Whether or not you're moving your lips, you spend a lot of time talking to yourself. In fact, human beings go through the day in a constant conversation with their own inner voice.
It's how we make sense of what's going on around us and figure out our next move--from something as simple as checking out what's available to eat and how to get it to deciding who might be relationship material...and how to get it.
If you're dealing with HIV, you probably already know the importance of having a positive attitude. But have you taken a look at how your inner dialogue might be tripping you up? Take a mental step back and observe your own self-talk. Are you talking to yourself about what's possible and what encourages you to make use of your own strengths? Or are you assuming the absolute worst, throwing every possible roadblock in your way--and then beating yourself up for not being perfect? If your inner voice isn't on your side, there are a few things you can do.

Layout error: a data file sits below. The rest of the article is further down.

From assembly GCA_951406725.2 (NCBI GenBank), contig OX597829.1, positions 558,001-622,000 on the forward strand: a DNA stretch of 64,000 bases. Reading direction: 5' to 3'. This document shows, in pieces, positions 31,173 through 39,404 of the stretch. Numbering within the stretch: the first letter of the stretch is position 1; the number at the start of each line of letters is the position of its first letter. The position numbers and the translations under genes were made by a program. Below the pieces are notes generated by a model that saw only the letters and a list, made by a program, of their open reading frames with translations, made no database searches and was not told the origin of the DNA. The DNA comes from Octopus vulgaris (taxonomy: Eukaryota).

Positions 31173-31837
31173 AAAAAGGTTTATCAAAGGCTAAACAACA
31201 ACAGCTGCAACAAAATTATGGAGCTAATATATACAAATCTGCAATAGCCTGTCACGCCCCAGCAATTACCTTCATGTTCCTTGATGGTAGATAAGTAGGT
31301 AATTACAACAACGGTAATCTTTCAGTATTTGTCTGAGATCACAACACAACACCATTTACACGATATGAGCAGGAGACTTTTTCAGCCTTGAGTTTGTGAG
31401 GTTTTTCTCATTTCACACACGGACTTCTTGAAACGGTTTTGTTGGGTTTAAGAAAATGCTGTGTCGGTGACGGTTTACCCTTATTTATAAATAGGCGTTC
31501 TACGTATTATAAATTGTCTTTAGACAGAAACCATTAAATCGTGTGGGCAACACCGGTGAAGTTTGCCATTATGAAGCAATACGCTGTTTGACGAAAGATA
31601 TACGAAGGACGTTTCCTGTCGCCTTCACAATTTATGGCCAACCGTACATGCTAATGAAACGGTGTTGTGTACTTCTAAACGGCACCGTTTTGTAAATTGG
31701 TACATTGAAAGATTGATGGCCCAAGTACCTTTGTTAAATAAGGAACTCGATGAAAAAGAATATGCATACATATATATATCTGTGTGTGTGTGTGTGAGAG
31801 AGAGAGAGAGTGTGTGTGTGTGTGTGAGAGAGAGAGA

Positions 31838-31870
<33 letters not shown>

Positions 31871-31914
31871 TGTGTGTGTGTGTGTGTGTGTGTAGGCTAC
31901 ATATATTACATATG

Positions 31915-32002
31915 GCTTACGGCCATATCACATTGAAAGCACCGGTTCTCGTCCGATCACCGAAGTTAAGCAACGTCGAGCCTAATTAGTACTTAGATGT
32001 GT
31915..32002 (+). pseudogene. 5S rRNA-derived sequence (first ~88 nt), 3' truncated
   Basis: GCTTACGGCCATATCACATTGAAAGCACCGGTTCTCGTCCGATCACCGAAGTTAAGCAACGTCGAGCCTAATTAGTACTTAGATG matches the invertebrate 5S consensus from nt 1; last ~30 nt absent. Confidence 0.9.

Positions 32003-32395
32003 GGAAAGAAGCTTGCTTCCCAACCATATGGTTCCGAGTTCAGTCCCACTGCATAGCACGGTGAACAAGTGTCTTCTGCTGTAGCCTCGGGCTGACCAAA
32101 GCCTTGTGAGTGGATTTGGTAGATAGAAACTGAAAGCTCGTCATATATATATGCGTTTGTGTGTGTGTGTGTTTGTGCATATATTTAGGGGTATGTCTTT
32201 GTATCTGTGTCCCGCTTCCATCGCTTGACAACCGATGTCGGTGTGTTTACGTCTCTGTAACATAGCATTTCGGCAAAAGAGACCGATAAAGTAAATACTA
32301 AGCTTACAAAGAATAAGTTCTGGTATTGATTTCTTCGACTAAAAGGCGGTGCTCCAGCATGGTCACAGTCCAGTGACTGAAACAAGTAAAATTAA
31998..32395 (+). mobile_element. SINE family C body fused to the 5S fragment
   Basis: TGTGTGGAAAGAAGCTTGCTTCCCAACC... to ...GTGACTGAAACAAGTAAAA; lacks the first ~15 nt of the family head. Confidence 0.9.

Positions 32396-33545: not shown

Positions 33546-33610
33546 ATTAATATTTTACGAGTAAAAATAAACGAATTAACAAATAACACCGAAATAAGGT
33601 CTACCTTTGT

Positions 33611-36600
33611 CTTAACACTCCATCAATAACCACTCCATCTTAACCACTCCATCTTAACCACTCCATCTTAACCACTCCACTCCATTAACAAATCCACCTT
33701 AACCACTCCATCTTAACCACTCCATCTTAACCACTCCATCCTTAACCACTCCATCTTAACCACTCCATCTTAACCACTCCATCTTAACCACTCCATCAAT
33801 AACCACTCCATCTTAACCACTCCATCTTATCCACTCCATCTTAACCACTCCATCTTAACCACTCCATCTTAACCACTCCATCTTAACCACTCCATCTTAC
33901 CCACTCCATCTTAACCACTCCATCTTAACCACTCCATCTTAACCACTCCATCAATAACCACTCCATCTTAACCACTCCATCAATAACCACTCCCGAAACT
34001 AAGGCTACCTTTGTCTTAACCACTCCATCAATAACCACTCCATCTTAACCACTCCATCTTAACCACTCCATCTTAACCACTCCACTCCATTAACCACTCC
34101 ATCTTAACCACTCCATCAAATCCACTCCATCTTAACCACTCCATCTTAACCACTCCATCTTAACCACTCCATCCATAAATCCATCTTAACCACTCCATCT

Turn self-criticism into affirming questions. When you hear that inner voice say something like 'You're gonna fall on your face' or 'This is impossible,' ask yourself, 'Is there a way I can be a success here?' When you stop limiting yourself and assuming the worst, you open up to new possibilities.
Silence the inner voice. When you hear your inner voice throwing another barrier or criticism in your direction, just tell it to shut up. Psychologists call this thought stopping.Remind yourself that you're doing the best you can. Follow the poison with an antidote--something like 'I am a work in progress. I'm handling my life the best way I know how, and I'm getting better at it every day.' Learn from life's lessons and move on.
Get support in ganging up on your inner critic. Make a list of the people in your life you trust and count on to help you keep a positive focus. Get in touch when you have something you need to kick around.
Your emotional well-being and self-esteem take a serious hit from self-criticism. Change your self-talk and get a whole new outlook!
McClain is a licensed counselor in New York City with a speciality in coping with chronic and life-threatening health conditions. His books include The Complete Idiot's Guide to Breaking Bad Habits and Empowering Your Life With Joy, and he is a frequent contributor to health-related publications. He is also on the board of directors of Miracle House, a nonprofit that serves patients and caregivers who are visiting New York City for HIV or cancer treatment. He welcomes e-mail at Gary@JustGotDiagnosed.com.